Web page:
The Women Composers

In 'The Women Composers,' from his book Contemporary American Composers, published in 1900, RUPERT HUGHES, M.A. makes the case for women composers being the equal of male composers as the 20th century dawned. Featuring AMY BEAC...
by David McGee
 

 
 

Music a Remedy

In his monumental ANATOMY OF MELANCHOLY, published in 1621, ROBERT BURTON argued for, among other things, music as a remedy for melancholy. It might work.
by David McGee
 

 

 

Contemporary Music

During a four-month concert tour of America in 1928, composer MAURICE RAVEL delivered a then-controversial lecture urging American classical musicians to incorporate African-American music into their compositions. Ahead of his ...
by David McGee
 

 
 

The Paris of Berlioz and Liszt

Writing in 1837, acclaimed German poet HEINRICH HEINE filed a report on 'the two most remarkable phenomena in the contemporary musical world,' i.e., BERLIOZ and LISZT.
by David McGee
 

 

 

A Day With Felix Mendelssohn Bartholdy

Ever wonder what it would have been like to spend a day with, say, Felix Mendelssoh? Especially a day when Robert Schumann shows up? George Sampson did just that, and set down the experience for posterity.
by David McGee
 

 
 

Elbert Hubbard’s Mozart

ELBERT HUBBARD--writer, publisher,artist and philosopher--was about as interesting a character as the famous people he wrote about. His 1901 prose portrait of MOZART is unlike any other account of the great composer's life and ...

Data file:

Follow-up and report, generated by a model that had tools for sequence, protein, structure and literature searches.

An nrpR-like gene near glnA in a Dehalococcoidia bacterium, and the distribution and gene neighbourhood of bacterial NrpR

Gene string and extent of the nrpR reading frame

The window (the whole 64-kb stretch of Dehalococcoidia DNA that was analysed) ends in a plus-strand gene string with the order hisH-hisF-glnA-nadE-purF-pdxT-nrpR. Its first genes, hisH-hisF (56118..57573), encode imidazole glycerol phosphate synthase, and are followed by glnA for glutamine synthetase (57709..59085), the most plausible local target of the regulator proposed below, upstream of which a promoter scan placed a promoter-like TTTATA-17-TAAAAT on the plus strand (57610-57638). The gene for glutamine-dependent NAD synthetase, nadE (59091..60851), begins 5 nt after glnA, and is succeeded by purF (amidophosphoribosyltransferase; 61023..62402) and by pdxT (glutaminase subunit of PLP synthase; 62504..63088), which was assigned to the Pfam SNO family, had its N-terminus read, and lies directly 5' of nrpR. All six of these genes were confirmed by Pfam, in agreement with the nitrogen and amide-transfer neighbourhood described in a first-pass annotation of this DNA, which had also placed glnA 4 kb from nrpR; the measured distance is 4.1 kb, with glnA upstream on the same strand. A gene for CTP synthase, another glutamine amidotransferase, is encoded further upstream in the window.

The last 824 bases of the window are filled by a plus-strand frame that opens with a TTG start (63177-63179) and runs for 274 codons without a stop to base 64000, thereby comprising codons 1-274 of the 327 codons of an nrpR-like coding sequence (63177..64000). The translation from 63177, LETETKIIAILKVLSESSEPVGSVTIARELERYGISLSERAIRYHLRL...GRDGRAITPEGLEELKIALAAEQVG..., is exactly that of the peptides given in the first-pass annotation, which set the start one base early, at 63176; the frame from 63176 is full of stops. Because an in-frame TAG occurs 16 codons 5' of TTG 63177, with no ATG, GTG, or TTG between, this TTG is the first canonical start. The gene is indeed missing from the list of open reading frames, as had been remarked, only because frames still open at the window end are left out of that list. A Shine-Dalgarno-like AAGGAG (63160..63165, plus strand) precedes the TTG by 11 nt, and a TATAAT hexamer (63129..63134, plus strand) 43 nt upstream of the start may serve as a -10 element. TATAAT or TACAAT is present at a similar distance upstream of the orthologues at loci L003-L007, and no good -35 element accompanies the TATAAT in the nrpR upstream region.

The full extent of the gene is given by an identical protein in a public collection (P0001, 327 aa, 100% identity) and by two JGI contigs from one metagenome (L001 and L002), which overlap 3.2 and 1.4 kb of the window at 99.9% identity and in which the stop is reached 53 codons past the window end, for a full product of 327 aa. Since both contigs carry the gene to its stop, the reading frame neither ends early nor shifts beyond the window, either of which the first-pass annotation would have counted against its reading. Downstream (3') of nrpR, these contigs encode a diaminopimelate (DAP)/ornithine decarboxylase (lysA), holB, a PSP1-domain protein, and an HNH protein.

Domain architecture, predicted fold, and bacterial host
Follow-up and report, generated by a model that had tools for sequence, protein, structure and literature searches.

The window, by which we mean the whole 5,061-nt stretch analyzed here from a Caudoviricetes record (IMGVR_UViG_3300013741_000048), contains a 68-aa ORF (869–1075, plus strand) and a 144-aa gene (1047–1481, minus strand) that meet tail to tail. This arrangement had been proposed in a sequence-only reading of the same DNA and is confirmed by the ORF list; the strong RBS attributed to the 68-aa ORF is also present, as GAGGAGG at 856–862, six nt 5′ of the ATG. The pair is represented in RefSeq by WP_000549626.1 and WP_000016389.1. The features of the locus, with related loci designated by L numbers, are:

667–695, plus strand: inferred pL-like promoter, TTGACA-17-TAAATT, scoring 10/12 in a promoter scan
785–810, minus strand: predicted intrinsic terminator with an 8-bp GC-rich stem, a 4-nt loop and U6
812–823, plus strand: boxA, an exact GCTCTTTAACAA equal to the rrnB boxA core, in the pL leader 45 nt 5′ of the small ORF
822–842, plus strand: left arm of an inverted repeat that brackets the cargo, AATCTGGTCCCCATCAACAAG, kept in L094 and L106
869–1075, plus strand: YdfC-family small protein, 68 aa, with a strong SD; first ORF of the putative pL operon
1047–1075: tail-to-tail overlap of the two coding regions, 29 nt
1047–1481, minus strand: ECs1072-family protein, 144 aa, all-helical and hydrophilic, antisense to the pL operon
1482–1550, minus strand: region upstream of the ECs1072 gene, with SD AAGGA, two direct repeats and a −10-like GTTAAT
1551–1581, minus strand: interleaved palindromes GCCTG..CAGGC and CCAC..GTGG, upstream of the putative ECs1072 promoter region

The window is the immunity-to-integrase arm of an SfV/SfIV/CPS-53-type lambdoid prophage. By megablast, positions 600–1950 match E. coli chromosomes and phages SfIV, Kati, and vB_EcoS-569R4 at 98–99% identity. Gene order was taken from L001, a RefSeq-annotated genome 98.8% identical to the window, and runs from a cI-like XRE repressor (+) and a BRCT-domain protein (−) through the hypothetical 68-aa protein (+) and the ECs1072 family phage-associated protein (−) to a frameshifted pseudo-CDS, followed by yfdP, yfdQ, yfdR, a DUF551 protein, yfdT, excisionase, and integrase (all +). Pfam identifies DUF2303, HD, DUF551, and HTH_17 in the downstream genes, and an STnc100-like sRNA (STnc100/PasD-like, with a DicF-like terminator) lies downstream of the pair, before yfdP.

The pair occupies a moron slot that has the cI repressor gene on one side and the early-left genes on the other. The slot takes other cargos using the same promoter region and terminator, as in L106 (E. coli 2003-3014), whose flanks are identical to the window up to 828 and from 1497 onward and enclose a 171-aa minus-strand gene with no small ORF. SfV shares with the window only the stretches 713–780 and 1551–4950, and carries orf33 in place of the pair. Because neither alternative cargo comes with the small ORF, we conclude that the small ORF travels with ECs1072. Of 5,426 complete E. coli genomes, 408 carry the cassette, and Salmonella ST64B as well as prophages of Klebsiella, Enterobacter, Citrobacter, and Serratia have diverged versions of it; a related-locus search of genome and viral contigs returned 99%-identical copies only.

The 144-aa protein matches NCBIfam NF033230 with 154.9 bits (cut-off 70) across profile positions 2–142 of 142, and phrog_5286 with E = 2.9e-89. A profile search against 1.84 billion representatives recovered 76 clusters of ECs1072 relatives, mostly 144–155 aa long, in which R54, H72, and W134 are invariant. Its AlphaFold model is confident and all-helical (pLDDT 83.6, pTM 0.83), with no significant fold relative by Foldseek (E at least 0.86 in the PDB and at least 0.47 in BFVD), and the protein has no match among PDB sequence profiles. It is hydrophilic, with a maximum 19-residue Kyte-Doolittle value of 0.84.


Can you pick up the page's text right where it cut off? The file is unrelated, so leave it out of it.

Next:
by David McGee
 

 

 

Frédéric Chopin: ‘Sublimity Through Sweet Sounds’

From his turn-of-the-20th-century travels, ELBERT HUBBARD chronicles a visit to the home of composer Frédéric Chopin and uncovers a link to American novelist STEPHEN CRANE.
by David McGee
 

 
 

Prokofiev, Conflicted: Great Composer or Great Compromiser?

SERGEI PROKOFIEV was a great composer, but was he also a great compromiser when it came to bowing to the demands of the Soviet regime, which viewed him as a threat to the people?
by David McGee
 

 

 

Caruso on The Art of Singing

ENRICO CARUSO holds forth on the ART OF SINGING in an excerpt from a 1909 collection of h is public utterances on his art. The wealth of embedded videos include the 1918 silent film MY COUSIN, featuring the great singer in a du...
by David McGee
 

 
 

‘Unaccountably Odd’

'Unaccountably Odd': a musical and sexual adventurer, possibly a racist, and a composer ahead of his time, PERCY GRAINGER led a most unusual life, and now lives on in a new album by the BILDER DUO. A reconsideration is in order.
by David McGee
 

 

 

Chopin a National Poet

FRÉDÉRIC CHOPIN a National Poet? FRANZ LISZT thought so, and explained why in an 1852 essay that begat a biography of the great Romantic composer.
by David McGee
 

 
 

The ‘Superhuman’ Voice of Pauline Viardot

Pauline Garcia Viardot (1821-1910) was one of the 19th century’s most versatile and influential opera stars. In his book 'Musical Memories,' CAMILLE SAINT-SAENS provides the most in-depth profile extant of Mme. Viardot.
by David McGee